Check each image for horizontal alignment. The easiest way to do this is to set a horizontal guide by dragging one out of the top ruler. Place the guide right at one of the baselines shown in the image. If the baseline is not absolutely aligned with the guide, it is better to use the rotate image command to fix it. Preferably it is better to use numerical rotations (e.g., 0.7° counter-clockwise) with a lot of trial and error


Adjust the levels of the black channel. The end goal is to get an image that has a completely white background, and very black letters. Consult the documentation for details regarding how to adjust levels for different versions of Photoshop.

  1. Try automatic adjustment of levels first. This will, frankly, rarely suffice.
  2. Adjust the left and right sliders to get a nice, clean background (without a lot of gray noise) and strong, clear letters.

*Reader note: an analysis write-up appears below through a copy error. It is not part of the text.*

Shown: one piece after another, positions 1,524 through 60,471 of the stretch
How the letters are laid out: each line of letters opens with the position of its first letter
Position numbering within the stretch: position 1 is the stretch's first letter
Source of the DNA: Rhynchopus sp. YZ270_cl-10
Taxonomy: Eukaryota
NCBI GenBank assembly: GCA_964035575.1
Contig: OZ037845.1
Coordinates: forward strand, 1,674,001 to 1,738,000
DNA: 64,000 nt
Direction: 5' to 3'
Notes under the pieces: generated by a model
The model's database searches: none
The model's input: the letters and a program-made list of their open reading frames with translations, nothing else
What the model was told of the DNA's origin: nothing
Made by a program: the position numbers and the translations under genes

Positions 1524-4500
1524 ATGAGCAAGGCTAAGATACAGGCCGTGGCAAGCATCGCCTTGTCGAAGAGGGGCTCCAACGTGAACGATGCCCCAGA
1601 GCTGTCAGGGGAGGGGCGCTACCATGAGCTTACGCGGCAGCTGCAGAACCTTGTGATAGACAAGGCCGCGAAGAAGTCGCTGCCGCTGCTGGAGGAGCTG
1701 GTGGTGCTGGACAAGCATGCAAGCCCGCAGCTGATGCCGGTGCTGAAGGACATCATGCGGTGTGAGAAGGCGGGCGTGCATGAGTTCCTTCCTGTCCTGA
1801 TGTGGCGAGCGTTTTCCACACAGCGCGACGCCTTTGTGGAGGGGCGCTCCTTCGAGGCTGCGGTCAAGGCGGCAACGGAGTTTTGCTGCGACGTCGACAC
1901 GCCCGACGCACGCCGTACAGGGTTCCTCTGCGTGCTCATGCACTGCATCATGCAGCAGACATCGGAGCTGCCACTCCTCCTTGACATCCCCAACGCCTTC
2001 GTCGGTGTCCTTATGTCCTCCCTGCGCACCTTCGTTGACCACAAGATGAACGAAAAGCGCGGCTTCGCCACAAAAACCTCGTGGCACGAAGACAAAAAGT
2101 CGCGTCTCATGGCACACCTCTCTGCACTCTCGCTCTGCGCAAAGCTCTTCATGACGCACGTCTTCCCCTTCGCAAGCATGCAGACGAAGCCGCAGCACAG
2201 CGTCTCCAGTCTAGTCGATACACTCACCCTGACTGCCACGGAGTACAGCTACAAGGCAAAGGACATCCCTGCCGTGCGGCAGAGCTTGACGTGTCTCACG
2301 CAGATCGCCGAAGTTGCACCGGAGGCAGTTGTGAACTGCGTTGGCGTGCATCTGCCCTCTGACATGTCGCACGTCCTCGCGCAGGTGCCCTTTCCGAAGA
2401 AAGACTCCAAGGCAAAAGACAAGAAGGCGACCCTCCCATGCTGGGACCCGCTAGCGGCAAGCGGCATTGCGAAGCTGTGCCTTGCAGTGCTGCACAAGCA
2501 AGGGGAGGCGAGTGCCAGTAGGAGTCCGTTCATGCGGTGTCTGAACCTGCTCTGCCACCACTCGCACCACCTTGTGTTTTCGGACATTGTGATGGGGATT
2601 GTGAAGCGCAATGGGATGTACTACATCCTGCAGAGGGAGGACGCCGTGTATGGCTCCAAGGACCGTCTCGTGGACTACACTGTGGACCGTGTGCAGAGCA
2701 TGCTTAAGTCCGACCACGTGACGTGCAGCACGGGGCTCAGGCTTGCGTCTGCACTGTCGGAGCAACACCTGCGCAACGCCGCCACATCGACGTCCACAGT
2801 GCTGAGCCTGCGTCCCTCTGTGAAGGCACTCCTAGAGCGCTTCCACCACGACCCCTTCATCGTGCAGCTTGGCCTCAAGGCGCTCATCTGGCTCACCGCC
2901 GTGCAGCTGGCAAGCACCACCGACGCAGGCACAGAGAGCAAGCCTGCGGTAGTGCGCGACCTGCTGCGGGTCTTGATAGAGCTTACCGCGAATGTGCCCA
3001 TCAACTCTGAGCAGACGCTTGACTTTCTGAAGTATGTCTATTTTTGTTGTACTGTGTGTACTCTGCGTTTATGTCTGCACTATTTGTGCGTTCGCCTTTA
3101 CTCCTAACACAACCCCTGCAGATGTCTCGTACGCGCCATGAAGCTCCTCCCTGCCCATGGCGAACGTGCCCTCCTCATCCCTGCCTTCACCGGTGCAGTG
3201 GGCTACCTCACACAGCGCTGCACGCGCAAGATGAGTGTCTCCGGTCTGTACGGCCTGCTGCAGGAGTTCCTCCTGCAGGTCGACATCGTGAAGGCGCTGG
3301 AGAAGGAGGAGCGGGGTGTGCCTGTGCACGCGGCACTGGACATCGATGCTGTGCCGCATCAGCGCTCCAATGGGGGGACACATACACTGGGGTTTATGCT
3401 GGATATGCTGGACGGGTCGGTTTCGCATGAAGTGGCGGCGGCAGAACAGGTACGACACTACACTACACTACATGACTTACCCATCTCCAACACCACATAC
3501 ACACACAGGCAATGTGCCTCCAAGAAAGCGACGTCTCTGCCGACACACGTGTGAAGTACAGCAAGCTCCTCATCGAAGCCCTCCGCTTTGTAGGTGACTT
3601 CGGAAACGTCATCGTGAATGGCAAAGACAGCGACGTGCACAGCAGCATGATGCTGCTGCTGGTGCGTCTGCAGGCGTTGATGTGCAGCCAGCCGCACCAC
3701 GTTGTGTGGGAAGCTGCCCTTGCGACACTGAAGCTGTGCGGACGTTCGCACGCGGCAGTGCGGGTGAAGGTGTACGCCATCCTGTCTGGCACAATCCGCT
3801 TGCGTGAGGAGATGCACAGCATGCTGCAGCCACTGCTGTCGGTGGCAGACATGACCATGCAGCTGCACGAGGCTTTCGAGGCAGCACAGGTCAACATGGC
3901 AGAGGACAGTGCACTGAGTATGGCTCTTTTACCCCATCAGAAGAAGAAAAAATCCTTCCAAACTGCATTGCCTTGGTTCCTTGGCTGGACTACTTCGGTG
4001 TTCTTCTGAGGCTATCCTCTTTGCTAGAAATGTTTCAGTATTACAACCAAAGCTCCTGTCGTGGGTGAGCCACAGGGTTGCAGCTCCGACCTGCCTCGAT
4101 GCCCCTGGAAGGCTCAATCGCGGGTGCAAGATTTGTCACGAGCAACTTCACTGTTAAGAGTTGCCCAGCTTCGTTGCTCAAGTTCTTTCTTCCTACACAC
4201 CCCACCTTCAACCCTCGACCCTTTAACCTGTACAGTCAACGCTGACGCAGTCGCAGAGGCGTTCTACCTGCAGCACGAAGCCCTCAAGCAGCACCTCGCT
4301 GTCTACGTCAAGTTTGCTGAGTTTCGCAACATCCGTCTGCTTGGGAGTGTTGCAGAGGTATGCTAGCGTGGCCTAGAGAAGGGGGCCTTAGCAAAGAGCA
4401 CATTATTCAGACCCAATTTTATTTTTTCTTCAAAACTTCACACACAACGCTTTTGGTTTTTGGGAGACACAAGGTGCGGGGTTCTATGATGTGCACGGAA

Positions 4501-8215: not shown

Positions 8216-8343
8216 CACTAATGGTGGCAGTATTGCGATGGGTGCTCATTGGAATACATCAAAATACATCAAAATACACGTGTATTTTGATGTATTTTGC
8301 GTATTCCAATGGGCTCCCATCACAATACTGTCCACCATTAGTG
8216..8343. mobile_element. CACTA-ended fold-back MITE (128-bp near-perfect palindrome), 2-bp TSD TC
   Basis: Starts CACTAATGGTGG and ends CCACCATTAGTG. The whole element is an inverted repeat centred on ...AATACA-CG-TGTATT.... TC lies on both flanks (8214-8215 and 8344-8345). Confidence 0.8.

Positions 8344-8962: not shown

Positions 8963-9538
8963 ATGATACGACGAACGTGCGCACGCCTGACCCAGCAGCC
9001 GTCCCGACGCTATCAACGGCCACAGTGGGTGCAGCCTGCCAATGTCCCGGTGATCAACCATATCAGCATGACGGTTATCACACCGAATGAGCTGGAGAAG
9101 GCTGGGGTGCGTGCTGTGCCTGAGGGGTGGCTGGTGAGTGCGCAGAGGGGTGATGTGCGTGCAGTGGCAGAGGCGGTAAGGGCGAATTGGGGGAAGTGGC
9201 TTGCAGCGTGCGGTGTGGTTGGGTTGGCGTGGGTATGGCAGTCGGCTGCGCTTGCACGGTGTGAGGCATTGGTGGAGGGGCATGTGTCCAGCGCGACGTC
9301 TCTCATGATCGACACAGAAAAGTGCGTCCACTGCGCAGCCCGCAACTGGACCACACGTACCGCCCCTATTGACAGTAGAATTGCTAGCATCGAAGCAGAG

Adjust the middle slider (the mid-range) to set how heavy the letters appear. The adjustment of this slider (in combination with the left and right ones) can affect whether the font ends up having a light, regular, or semi-bold weight. It can also affect how sharp corners become—heavy, black scans tend to have more rounded edges.


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There is one comment for this post.

  1. pshizzy on June 12, 2008 9:07 pm

    A suggestion: Rather than trial and error, you can use the Ruler tool to figure out the degree of rotation needed. Simply draw a ruler on your document over any part of the document that SHOULD be straight but isn’t. It could be horizontal or vertical.

    Then go to Image > Rotate Canvas > Arbitrary. You should see numbers already filled in. This is the degree of rotation that you will need to straighten the image.

    It’s very quick and once you learn it, it’s easy to do over and over on many documents.

    Hope that helps. I’ve already posted, and will be posting more Photoshop tutorials in the form of a Flash presentation on my blog at . Feel free to take a look!


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